Raman art: Pigment revelations

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  • Published: Feb 1, 2016
  • Author: David Bradley
  • Channels: Raman
thumbnail image: Raman art: Pigment revelations

Innovative naturalism

Giotto, Madonna and Child c. 1310/1315, Samuel H. Kress Collection, National Gallery of Art, Washington, D.C. (1939.1.256).

Florentine artist Giotto is well known for his innovative naturalism, his emotive faces and artistic skill in depicting space. Samples analysed with micro-Raman spectroscopy, scanning electron microscopy with energy dispersive X-ray analysis (SEM-EDX), polarized light microscopy, and electron backscatter diffraction (EBSD), have now revealed much about the blend of pigments he used in his art.

According to Barbara Berrie of the Scientific Research Department, at National Gallery of Art, in Washington, DC, USA, Giotto used inky washes under thin layers of egg tempera paint. Writing in the journal Heritage Science, she and colleagues Marco Leona of the Metropolitan Museum of Art, in New York and Richard McLaughlin of Oxford Instruments, Concord, Massachusetts explain that, "Yellow iron earth and lead tin yellow are present in the paint used to depict the lining of the Virgin’s mantle." The team used SEM-EDX on one of the yellow pigments to confirm that it is lead tin yellow type II, PbSn1-xSixO3. They also showed that the ratio of colourant to the glassy phase suggests that the material was produced for use as a pigment rather than as a glass. The blue pigment is azurite, the team reports, and contains no elemental impurities, although they also demonstrated that malachite and the rare green-blue mineral mixite, BiCu6(OH)6(AsO4)3(H2O)3 are also present in the blue.

Cool hues

The researchers concede that they cannot, from the evidence available, determine whether or not Giotto deliberately chose to use mixite as his green-blue pigment or whether this was simply a happy accident resulting from the choice of azurite rather than ultramarine. However, the mineral is rare so it is more likely that serendipity played a role. Of course, the team points out that the actual choice of colour, as opposed to mineral choice, would have been deliberate and the fact that the particular hue of mixite and the presence of the clear-hued lead tin yellow pigment suggest that he sought a cool hue rather than the warm blue of ultramarine. Ultramarine was quite typically used in other paintings of the Madonna during this period. "We have a very choice selection of the 'best of the best' from so long ago," Berrie told us. "It is true that he, at least in this beautiful work, he did not use the bluest blue of ultramarine, and the majority of the finest extant works do contain that precious colour." Whether or not that means he was bucking a trend is a different matter and a point that may never be addressed.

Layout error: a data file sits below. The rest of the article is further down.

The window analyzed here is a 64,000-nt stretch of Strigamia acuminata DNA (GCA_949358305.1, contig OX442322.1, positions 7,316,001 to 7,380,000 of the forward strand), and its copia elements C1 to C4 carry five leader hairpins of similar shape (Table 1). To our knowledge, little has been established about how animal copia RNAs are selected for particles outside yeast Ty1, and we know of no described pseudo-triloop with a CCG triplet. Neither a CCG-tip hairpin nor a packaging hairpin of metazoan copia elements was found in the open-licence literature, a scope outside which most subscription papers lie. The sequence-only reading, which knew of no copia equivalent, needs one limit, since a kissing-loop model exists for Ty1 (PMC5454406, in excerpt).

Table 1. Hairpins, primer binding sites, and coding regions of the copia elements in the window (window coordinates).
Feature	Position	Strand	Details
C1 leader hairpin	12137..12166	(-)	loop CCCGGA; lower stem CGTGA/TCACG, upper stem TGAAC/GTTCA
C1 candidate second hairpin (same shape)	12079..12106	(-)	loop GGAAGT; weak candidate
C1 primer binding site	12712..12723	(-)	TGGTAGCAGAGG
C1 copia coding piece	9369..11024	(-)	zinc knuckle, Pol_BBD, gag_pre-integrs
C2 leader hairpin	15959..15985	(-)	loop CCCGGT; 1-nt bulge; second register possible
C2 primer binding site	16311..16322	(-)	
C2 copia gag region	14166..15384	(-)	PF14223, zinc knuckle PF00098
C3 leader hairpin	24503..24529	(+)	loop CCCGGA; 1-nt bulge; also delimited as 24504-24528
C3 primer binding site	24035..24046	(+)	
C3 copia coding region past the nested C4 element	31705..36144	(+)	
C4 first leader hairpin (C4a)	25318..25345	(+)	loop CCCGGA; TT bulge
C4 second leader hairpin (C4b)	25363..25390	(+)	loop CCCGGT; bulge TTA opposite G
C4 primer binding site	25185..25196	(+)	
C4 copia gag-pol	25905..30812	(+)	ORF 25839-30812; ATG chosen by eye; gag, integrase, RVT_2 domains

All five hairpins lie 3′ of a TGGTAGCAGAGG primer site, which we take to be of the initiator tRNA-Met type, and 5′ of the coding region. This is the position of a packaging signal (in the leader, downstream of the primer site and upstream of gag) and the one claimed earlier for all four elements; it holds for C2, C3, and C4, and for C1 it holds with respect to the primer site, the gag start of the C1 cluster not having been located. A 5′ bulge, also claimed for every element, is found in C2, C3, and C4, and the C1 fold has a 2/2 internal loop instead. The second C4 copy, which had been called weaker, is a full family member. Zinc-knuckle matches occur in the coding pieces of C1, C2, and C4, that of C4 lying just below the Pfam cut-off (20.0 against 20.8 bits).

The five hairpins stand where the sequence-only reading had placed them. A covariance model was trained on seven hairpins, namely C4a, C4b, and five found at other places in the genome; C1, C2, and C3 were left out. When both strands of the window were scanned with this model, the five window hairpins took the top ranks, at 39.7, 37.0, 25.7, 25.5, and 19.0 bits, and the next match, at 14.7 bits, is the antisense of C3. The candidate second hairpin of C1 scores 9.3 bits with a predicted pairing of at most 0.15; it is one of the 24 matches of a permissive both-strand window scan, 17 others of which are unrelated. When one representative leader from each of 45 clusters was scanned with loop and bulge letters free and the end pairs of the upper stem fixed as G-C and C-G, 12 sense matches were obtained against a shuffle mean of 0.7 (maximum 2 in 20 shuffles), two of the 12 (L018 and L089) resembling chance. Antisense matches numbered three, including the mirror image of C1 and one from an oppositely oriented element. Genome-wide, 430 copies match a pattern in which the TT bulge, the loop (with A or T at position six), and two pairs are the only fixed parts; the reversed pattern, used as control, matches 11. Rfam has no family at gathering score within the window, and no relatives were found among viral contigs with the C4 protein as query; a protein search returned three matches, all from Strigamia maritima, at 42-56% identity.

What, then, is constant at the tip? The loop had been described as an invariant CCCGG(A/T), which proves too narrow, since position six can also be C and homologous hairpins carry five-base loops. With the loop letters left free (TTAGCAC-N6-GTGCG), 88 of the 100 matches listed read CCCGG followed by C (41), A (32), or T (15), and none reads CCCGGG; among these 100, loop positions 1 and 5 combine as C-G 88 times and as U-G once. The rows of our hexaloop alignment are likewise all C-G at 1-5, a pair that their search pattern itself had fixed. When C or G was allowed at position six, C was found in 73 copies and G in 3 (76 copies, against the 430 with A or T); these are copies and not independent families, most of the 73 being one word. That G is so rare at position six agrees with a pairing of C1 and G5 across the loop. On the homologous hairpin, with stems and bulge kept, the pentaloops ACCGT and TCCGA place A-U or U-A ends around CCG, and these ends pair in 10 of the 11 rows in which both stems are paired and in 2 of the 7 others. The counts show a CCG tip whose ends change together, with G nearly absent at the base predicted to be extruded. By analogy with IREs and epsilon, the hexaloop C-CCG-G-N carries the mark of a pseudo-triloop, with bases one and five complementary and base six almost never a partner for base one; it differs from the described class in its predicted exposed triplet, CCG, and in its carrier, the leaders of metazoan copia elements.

The team explains that their study used close visual stereomicroscopy of the surface of the painting and air-path X-ray fluorescence analysis (XRF) analysis. Cross sectional samples and paint scrapings from the bottom edge of the painting, or panel, were used for more detailed pigment characterization using a range of techniques, including micro-Raman spectroscopy. The XRF data could be ambiguous, hinting at nineteenth century pigments, but the Raman showed the samples to be different from those.

Painterly practice

A next step in the research on this artwork will be to investigate the geology of Europe and the mining history of the region in order to determine a putative source for Giotto's mixite. "The results of this work remind us that chemical analysis can add to our knowledge base of painting practice and materials, which helps to place artists’ works in a broader historical context, including comparison to the materials and methods used by their contemporaries and economic history. These findings add to our understanding of artistic innovation and a better appreciation of the nuance and worth of colour in painters’ practice," the team concludes.

Berrie told SpectroscopyNOW that, "Just today colleagues were in my lab suggesting trips to disused mines to discover the source of Giotto's blue and green pigments. That would be fun...but the next steps probably lie with historians of art, economics, technology, and science. They can use the information to underpin their research into the trade, manufacturing, and commerce of color in the trecento. Few documents survive on this, so chemical analysis plays a role in discovering more about their history."

Related Links

Heritage Sci 2016, 4, online: "Unusual pigments found in a painting by Giotto (c. 1266-1337) reveal diversity of materials used by medieval artists"

Article by David Bradley

The views represented in this article are solely those of the author and do not necessarily represent those of John Wiley and Sons, Ltd.

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